I have your letter. I did discuss the conditions of the committee at Dinajpur with Deshbandhu. He told me that at the present moment it was difficult for the provincial committee to help a district like yours. There are no funds with the committee. What it is now possible for me to suggest is that workers who have full faith in khadi should put themselves in correspondence with Khadi Pratishthan and work under it.
Yours sincerely,

From a photostat: G.N. 8021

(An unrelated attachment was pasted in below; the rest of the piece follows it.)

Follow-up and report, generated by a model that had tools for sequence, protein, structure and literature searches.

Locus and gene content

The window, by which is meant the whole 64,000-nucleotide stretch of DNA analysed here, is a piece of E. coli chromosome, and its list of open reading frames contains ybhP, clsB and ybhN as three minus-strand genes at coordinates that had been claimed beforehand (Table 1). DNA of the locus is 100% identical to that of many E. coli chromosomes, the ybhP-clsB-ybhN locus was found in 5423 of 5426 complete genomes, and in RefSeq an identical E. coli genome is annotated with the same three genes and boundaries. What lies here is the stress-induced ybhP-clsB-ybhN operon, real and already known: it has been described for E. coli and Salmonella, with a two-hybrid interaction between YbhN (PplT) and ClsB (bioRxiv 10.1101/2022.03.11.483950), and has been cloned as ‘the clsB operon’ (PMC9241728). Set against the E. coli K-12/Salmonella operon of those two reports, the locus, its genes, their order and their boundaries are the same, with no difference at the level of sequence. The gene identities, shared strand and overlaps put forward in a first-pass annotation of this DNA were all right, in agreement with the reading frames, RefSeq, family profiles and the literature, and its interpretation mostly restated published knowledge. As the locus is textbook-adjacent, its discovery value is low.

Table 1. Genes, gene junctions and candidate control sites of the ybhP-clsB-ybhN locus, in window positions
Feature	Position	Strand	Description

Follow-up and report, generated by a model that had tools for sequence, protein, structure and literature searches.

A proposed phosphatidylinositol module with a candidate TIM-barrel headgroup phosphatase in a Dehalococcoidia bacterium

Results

There was an informal meeting of the Swarajists and others on the 17th instant. 1 It was a representative gathering. All including myself felt that a revision of the franchise was necessary and all felt that the self-spinning as an alternative should be permanently retained, and not merely by way of trial, in the Congress franchise. That means permanent recognition of the right of labour to be directly represented in the Congress. All agreed that yarn as distinguished from spinning franchise must be abolished. It had given rise to hypocrisy and even dishonesty. The question of quantity to self-spun yarn or cash sub-scription was held in abeyance. There was a divergence of opinion. An overwhelming majority favoured also the retention of khaddar- wearing as a permanent part of the franchise. This is, in my opinion, a decided gain. The third proposition unanimously agreed to was that an All-India Spinners’ Association should be formed to be an integral part of the Congress, with absolute powers, which would control the spinning part of the Congress activity and act as the Congress Agency for receiving and testing spinning subscriptions. The result, if the recommendations are accepted, would